Customer Experience

What if “Brand” Meant “Customer Experience”?

In the digital age, everyone is an influencer, and what people think of your brand is vital, and can even go viral.

Of course, the concept of customer experience is not new, but we have entered into a new era of business in which brands are defined by those who experience it. Therefore, customer experience – both real and digital – must be seamless and at the highest level of satisfaction at every single touch point.

Do you really know how your customers experience your brand each day? Do you know what they feel at every moment they come into contact with your brand? Do you know what they say about your brand when you’re not there? If brands were more aware of the experience they offer along with their products and services, they wouldn’t be victims to what consumers share about their experience online and on social networks.

Good products, even creative communication and good customer service no longer suffice. X – for experience – goes beyond that: it is about “creating such memorable moments for your customers through every encounter they have with your brand – all day, everyday.”

For Brian Solis, architecting experience begins with empathy with consumers. You have to put yourself in the position of a consumer and see through their eyes – in other words, become them. Only then will you know what it’s like to experience your brand as a consumer. As Rebekah Cox (Product Designer Lead at Facebook and Quora) states, “great design is all the work you don’t ask people who use your product to do.” As Tolstoy said, “everyone thinks of changing the world, but no one thinks of changing himself!”

In order to deliver a memorable customer experience, companies need to structure themselves around 4 poles: collection and interpretation of client data, client information and services, client relationships (in particular digital), and new technologies (especially connected devices) that offer new multichannel experiences.

Brian Solis defines experience as the combination of UX (User Experience: the experience delivered by the product or service itself), CX (Customer Experience: the experience delivered through contact points between products and services and customers), and BX (Brand Experience: the experience offered by the brand via its vision and mission). Apple delivers a unique user experience through its products and their interfaces (iPhones, iPads, Macbooks, iTunes, etc.), and a specific customer experience (Apple Store, Genius Bar), which are all in line with its brand idea: “Think different.”

Brand Experience is a crucial part of experience architecture – and I would argue that it should actually come first in this equation, for any experience designed without the brand idea in mind is incomplete. Brand Experience should be the foundation of experience architecture, since the brand idea is what defines and drives the brand in its every action, at every touch point.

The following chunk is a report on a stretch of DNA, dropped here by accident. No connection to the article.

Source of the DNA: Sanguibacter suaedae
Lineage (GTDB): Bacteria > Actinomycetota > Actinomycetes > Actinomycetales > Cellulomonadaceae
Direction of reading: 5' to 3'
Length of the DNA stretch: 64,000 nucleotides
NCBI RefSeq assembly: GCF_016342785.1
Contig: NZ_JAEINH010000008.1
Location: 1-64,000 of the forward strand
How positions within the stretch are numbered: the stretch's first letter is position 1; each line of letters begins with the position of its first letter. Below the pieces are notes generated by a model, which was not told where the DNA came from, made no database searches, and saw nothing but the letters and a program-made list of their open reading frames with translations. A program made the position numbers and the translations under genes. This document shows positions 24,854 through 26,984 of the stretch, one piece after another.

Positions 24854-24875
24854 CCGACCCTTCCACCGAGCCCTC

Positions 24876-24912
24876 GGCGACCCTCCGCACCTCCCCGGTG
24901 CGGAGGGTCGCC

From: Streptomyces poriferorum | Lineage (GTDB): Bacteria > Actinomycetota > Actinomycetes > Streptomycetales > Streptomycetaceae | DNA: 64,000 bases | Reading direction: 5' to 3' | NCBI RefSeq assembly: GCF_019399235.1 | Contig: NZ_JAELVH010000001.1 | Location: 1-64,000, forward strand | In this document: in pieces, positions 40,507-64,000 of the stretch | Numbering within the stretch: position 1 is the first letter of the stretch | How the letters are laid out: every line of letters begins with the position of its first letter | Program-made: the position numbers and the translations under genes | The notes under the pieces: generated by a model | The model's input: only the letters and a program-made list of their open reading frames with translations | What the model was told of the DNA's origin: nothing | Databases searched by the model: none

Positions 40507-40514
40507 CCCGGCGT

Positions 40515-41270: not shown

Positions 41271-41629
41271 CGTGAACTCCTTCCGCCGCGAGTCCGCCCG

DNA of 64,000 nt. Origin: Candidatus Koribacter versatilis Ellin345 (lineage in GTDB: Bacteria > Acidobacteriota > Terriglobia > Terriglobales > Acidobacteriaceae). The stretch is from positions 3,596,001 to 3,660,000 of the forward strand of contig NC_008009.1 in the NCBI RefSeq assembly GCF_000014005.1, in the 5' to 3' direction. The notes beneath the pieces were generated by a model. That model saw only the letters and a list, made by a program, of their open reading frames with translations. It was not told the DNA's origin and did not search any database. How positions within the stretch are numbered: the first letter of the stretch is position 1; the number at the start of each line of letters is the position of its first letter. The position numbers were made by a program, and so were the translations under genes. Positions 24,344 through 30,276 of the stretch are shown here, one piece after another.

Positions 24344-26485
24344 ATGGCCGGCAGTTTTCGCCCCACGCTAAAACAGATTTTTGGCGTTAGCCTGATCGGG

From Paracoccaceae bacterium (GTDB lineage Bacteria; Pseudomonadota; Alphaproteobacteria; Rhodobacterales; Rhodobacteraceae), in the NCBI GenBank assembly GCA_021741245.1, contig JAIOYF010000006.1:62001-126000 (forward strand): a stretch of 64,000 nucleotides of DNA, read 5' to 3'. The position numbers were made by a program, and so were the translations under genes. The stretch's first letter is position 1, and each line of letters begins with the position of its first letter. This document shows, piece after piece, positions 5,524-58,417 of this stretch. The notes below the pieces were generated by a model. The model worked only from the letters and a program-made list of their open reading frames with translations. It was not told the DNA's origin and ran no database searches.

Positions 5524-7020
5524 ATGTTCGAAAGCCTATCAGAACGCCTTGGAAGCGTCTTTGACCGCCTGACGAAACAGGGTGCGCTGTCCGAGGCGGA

Brian Solis recommends mapping out experiences in order to visualize a consumer’s experience journey with a brand (before, during and after purchase). The model is based on active listening to consumers, and the search of qualitative insights and quantitative information.

He reminds us of the importance of not contenting ourselves with an “average customer,” which does not exist. Instead we need to adopt the logic of personas, which allow us to better understand who we are speaking to and better design the customer journey in a personalized way that is adapted to different types of consumers.

He insists on the importance of experiential storytelling – storyboarding and scenario writing – which he illustrates with the unpacking of an iPhone. Solis recommends designing experience as a 7-phase experience flow: 4 of which occur before purchasing, and 3 of which come after purchasing.

In this diagram, Solis clearly redefines the role of each contact point. For instance, the role of advertising is to incite interest and serve as a “trigger to connect.” The web’s purpose is to inform and educate; apps serve to interact to convince, and points of sale are to incite to buy. After purchase, the role of packaging is to convince to reassure. The product should engage to delight, and customer care should motivate to promote.

At first glance, we might say this diagram seems a bit too simplistic, but it is actually quite powerful in showing us how within the chain relationship between a brand and its consumers, each moment has a distinct purpose, and we ought to maximize the role of each element rather than try to carry out everything all at once along the journey.

Disney, Starbucks, Nespresso and Apple have proved that being obsessive about customer experience can generate unique and lasting attachment to their brands. And yet, still so many companies today deny the value of a perfectly designed A-to-Z customer experience. Too few brands actually take into consideration consumers’ feedback; too few brands focus on certain points of the experience they offer. In the digital age, inexperience is no excuse! Design is not just an aesthetic – it has to be at the heart, if the not the heart itself, of your brand’s sensible created value that you deliver to your consumers.


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